Why you should care
Because a visit here mixes Ukrainian history with modern visual expressions.
Meandering through the cavernous halls of this urban art gallery, it’s impossible to stop your eyes from wandering toward its vaulted, exposed-brick ceiling. On a quieter day, you’re enveloped by the echo of your own footsteps as the sounds bounce off one imposing wall onto another.
So impressive is the space that it often risks drawing attention away from what’s actually on display. “Every curator who works here knows that,” says Kateryna Filyuk, a Kiev-based art director who has curated an exhibition here. Sitting in the one of the building’s gaping, light-drenched foyers on a recent Saturday, she flashes a satisfied smile that betrays the apparent frustration of working at one of Ukraine’s most celebrated and prominent galleries.
Welcome to Mystetskyi Arsenal — a former arms factory in Kiev now showcasing the work of some of the country’s best and brightest visual artists. Spend a couple of hours here and you’ll get a double dose of culture: a fascinating exhibit or event, plus an impromptu history lesson on Kiev’s legacy as one of Eastern Europe’s most important hubs. While it’s been open for nearly a decade, this hulking testament to the city’s rich cultural history — which produced some of the Russian-speaking world’s greatest cultural luminaries — took on new importance after Ukraine’s 2014 pro-democratic revolution prompted a national reawakening.
The gallery has become a major focus of Ukraine’s budding art scene.
Completed in 1801, the original massive rectangular structure spanning more than 180,000 square feet was part of a sprawling arms complex perched atop the city overlooking the Dnipro River. Boasting walls more than 6 feet thick, and built with local bricks that give the building its unique pale yellow hue, the classical-style building served as a key munitions factory and arms depot for nearly two centuries, first during the Russian Empire, then under the Soviet Union. The Mystetskyi Arsenal (aka “the arsenal”) also sits across from the 1,000-year-old Monastery of the Caves, a large network of tunnels. It’s intriguing to think that this heavily fortified and secretive defense asset sat so close in one of Kiev’s holiest sites.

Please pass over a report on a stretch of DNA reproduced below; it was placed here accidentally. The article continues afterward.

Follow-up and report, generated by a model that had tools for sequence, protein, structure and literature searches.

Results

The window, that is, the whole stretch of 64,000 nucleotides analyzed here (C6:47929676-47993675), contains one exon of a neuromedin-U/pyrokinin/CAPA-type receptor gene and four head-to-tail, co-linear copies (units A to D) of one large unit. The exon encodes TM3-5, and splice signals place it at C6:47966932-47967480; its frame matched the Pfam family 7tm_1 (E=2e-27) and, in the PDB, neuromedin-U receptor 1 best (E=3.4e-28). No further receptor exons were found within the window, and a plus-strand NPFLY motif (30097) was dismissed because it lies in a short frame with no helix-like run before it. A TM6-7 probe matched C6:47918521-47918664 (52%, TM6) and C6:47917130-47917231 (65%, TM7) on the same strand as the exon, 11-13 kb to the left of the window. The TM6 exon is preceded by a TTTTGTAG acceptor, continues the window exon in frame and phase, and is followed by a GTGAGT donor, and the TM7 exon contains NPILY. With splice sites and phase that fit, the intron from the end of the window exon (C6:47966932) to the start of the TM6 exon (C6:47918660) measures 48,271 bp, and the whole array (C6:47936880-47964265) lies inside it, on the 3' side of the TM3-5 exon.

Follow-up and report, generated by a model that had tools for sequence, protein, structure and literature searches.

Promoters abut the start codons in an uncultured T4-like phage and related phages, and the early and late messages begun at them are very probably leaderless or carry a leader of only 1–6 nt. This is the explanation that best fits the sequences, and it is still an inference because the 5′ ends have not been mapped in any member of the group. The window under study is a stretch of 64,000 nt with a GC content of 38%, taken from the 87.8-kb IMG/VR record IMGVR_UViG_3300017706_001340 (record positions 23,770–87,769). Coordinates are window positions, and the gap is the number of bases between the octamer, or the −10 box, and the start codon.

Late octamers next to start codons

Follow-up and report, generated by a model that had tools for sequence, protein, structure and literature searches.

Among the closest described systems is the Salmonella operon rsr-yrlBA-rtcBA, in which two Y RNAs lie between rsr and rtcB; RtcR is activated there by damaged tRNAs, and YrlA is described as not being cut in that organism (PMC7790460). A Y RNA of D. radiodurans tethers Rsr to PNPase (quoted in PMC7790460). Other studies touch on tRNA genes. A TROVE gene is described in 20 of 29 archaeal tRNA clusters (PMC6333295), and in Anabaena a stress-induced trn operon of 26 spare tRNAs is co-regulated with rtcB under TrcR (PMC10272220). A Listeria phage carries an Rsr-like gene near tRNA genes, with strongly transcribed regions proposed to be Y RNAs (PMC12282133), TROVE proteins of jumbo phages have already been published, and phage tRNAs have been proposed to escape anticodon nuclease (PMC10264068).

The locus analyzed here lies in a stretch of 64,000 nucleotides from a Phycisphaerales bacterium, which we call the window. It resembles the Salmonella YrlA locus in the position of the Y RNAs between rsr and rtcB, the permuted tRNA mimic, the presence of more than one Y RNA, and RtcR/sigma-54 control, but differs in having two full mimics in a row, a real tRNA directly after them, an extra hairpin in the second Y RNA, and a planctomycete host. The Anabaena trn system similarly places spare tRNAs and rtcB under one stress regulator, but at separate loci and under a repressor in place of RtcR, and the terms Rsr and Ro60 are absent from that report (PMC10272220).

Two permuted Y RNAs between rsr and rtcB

Recognizing the potential of the space, the Ukrainian government began turning the building into a cultural complex in the mid-2000s. But it’s only in recent years that the arsenal has begun to truly shine. Dubbed locally as the Revolution of Dignity, the events of 2014 sparked a cultural rebirth, turning Ukraine into what Filyuk calls a “laboratory” for artistic and cultural experimentation. The gallery has become a major focus of Ukraine’s budding art scene — one that includes not only artists and writers but also designers and other cultural innovators. “Everything is changing, and everything is developing very quickly,” she says. “In this context, the arsenal is a place where you can come and observe it all through the prism of art.”
Filyuk co-curated “Revolutionize,” a recent exhibit that brought together several dozen artists from Ukraine and beyond in a multimedia effort to explore varying perceptions of social upheaval. Timed to coincide with the fifth anniversary of Ukraine’s own revolution, the exhibit featured installations, photographs, films and other interpretations of what revolutions are and can really accomplish. On display until May 5 is another nationally minded exhibit, “Amazing Stories of Crimea,” which focuses on the rich and diverse history of the beautiful peninsula annexed by Russia in 2014.
But the arsenal is not just about appreciating art. It also regularly hosts other cultural events, such as the Book Arsenal Festival, which was recently declared the best literary festival at the London Book Fair International Excellence Awards. In 2014, President Petro Poroshenko had his election headquarters here, and in recent years, the gallery has hosted an annual global conference on Ukraine’s future in the world.
So if there’s any one place to put on your cultural shortlist while visiting Ukraine’s thriving capital, make it Mystetskyi Arsenal — and don’t forget to look up. Exposed brick, especially when centuries old, has never been cooler.
Go there: Mystetskyi Arsenal
- Directions: Take the red line of the Kiev Metro to Arsenalna station and walk straight down Ivana Mazepa Street before continuing onto Lavrska Street. The museum will be on your right.
- Hours: Tuesday to Sunday, from 11 am to 8 pm.
- Entrance fee: About $3.00.
- Pro tip: While in the neighborhood, don’t miss the nearby Monastery of the Caves and the Motherland Monument.